Reviews

3 Reviews
Sort by:
Filter by Rating:
Littleman (2006)
10/10
loaded with laughs
15 August 2006
The Wayans Brothers are modern day Marxists! I refer, or course to the brilliant Marx brothers-off-beat, funny, and sometimes misunderstood. Their body of work will be judged like a pot of homemade spaghetti sauce that gets better the longer it cooks. In this outing, the boys have Damen cast as a midget felon who poses as a baby to recover lost loot. Brother Shawn is cast as a young, yuppie married man. Shawn and his wife happily take in the "baby" and the "baby" takes them in for the duration of the movie. The combo of the little body with the big, twisted brain, sets up dozens of great laughs. The movie does have a very serious message-laughter is good for you.
3 out of 13 found this helpful. Was this review helpful? | Report this
Gunsmoke: Pike: Part 1 (1971)
Season 16, Episode 23
Veteran actress Jeanette Nolan in an endearing role.
23 April 2006
TVland Channel ran the "Dirty Sally" episodes April 23, 2006--about 40 years after their first broadcast. Jeanette Nolan played Sally; a toothless, tobacco-chewing old woman who lived in a shack about ten miles out of Dodge City.

Scratching out a meager living by picking up the droppings from passing wagon trains and selling them in town, Sally was often teased for her ragged clothing and soiled appearance. One of her finds on the trail-a wounded gunman-would end up changing her life.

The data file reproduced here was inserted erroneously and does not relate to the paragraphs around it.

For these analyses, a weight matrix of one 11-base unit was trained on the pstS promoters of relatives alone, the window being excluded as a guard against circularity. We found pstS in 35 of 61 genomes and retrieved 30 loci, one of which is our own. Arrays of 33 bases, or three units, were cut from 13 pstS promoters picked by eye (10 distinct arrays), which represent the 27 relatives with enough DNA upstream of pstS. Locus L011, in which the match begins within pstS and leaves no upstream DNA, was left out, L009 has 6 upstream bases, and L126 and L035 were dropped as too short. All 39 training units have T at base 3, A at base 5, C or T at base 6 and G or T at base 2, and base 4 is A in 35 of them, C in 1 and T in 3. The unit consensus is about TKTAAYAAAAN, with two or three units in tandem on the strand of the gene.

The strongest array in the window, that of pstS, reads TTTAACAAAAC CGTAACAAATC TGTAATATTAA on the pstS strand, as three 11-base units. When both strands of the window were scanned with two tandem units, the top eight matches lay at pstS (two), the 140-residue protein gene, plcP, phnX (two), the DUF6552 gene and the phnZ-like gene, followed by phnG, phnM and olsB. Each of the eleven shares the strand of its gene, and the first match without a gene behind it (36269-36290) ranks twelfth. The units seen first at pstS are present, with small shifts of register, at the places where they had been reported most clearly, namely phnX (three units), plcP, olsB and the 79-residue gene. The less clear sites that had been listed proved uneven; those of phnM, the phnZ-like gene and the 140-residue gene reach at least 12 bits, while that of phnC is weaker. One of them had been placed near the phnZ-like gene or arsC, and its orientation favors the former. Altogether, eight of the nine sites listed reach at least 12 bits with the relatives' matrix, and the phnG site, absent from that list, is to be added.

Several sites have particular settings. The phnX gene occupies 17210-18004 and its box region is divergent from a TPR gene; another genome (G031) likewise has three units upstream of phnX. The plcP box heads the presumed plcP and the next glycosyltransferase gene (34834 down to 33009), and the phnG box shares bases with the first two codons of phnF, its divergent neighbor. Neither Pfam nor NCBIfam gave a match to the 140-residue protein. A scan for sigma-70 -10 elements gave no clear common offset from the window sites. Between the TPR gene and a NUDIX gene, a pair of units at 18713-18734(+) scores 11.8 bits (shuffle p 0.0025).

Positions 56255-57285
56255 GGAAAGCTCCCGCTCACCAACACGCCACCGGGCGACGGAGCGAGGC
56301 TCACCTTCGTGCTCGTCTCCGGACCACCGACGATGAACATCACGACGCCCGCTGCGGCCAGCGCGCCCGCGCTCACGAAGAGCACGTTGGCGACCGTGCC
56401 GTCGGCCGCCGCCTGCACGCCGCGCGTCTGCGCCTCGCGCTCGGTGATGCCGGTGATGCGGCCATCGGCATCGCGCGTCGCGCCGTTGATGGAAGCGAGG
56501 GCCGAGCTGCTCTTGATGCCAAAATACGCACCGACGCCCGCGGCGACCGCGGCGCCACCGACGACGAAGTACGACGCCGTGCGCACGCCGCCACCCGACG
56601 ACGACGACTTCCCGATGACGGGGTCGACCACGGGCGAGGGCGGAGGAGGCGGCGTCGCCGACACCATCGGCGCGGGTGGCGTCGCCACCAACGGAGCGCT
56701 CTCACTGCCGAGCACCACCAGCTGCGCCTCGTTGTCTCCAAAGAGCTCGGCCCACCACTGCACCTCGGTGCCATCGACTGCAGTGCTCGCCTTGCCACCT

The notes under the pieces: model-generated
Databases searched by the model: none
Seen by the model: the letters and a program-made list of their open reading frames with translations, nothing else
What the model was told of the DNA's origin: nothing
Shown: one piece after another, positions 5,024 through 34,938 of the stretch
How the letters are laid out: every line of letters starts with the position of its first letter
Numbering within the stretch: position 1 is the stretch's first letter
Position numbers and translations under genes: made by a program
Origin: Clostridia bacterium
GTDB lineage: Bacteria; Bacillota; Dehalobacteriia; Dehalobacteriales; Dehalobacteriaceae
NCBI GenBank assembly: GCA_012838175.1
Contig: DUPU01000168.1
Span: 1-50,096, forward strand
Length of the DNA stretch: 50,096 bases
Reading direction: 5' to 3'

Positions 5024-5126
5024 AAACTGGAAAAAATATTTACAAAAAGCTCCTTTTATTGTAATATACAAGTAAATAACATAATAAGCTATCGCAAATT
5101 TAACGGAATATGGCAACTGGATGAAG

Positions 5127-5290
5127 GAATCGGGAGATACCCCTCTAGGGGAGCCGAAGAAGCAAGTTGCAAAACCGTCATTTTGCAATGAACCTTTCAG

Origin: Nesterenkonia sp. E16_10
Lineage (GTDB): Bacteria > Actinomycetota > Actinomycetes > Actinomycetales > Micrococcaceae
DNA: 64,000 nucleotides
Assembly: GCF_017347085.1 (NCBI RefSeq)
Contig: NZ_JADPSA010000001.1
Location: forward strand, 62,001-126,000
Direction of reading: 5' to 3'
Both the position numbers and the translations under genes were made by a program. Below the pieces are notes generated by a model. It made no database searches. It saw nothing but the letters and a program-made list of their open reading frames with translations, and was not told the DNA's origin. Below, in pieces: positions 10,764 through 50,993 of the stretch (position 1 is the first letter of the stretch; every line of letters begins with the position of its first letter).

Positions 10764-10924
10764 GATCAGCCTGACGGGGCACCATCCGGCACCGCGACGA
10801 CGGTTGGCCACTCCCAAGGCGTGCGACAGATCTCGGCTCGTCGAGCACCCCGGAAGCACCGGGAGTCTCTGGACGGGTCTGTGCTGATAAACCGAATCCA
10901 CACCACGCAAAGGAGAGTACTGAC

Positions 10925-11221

This two-part episode centers on the often testy relationship between the young outlaw and the old outcast. Jeanette Nolan, aged 60 at the time, was perfect as the crusty 67 year old Sally who had few earthly goods but who possessed a code of honor that might have been as large as that of anyone in Kansas, let alone Dodge City
20 out of 21 found this helpful. Was this review helpful? | Report this
7/10
Dr. Christian - a unique old time radio show with movie spin-offs
13 April 2006
Dr. Christian was a staple of network radio from 1937 to the mid fifties and along the way, the series spawned six films. As a radio show it stood alone as the only program to use listener submitted scripts. Each week one story would be broadcast from among thousands submitted. The stories were surprisingly good and kept listeners tuning in even after television has pretty much destroyed dramatic radio. The Dr. Christian movies were written by professionals. Perhaps the film-goers would have been better served if the amateurs had also been invited to write the movie scripts. "Remedy for Riches" is the fourth of the six "Dr. Christian" films. It's pleasant and predictable. The "Doc" saves the whole town--not using his medical skills, but rather by doing a bit of detecting-or "rat smelling" to be more precise. Included in the cast is Edgar Kennedy who starred in a bunch of short comedies in the 40's. Warren Hull is the male romantic lead. He gained fame as a radio announcer on a program called "Stike it Rich" and later took it to television where it was a top hit into the late 1950's. If you're an old radio buff, you will love "Remedy for Riches".
3 out of 4 found this helpful. Was this review helpful? | Report this